Obsesive Compulsive Disorder

By: Rachel Cespedes and Natalie Tilley

What is O. C. D.?

“Obsessive Compulsive Disorder is when a person must perform a certain ritual or task repeatedly, leading the person to have no control.”

Signs and Symptoms of Obsessive Compulsive Disorder

“Signs and symptoms of O. C. D. are repeating tasks to have a sense of relief, spending an hour a day on the thoughts and rituals, and not being able to control the thoughts. People with O.C. D. may be overly tidy, keep unneeded items, have to count, must have an organized schedule, have a fear of intrusion, have a fear of hurting loved ones, or constantly washing your hands.”

What percentage of adolescents suffer from this disorder?

“Obsessive Compulsive Disorder affects about 2.2 million Americans adults each year. One third of adults will have O.C.D. that started at childhood or ran in the family.”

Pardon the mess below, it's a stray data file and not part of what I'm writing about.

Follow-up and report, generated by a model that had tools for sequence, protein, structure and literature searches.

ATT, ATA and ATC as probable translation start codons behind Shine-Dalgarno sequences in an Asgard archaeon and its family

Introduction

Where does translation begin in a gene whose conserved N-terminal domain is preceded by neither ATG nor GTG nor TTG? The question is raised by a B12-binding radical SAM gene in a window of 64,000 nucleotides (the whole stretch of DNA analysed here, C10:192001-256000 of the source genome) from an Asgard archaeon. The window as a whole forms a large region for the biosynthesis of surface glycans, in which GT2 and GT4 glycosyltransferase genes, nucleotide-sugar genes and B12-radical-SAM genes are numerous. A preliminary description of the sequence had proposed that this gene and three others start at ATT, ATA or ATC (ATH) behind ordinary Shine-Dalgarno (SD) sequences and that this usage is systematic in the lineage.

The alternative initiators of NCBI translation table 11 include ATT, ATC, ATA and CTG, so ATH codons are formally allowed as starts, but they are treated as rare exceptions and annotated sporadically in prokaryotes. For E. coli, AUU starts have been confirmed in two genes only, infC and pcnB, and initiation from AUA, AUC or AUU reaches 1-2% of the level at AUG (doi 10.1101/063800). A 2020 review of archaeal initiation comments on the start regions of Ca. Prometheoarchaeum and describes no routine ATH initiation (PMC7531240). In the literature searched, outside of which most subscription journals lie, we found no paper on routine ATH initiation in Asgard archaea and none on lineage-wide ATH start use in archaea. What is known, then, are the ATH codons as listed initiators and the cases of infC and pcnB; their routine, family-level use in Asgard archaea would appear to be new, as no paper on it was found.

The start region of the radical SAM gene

What is the available treatment for youth? Is there any counseling or medication available to treat O. C. D.?

“Psychotherapy and medication are treatments available for youth. Psychotherapy is when the person affected learns to control his/ her thoughts, compulsive actions, how to react in situations, and helps reduce their anxiety. A form of psychotherapy is exposure and response, which is a common and effective treatment. Medication that is given includes anti-depressants and anxiety relievers. These medications usually are given out after therapy does not work. They also have a tendency to take a while to work and should not be taken for long periods of time.”

Local facilities that specialize in treating Obsessive Compulsive Disorder?

“The International O. C. D. Foundation can help people find therapists, clinics, support groups, local affiliates, global partners, and more online resources in your local area. Local facilities include Roger’s Memorial Hospital and the Anxiety and Stress Disorder Clinic at the University of North Carolina at Chapel Hill.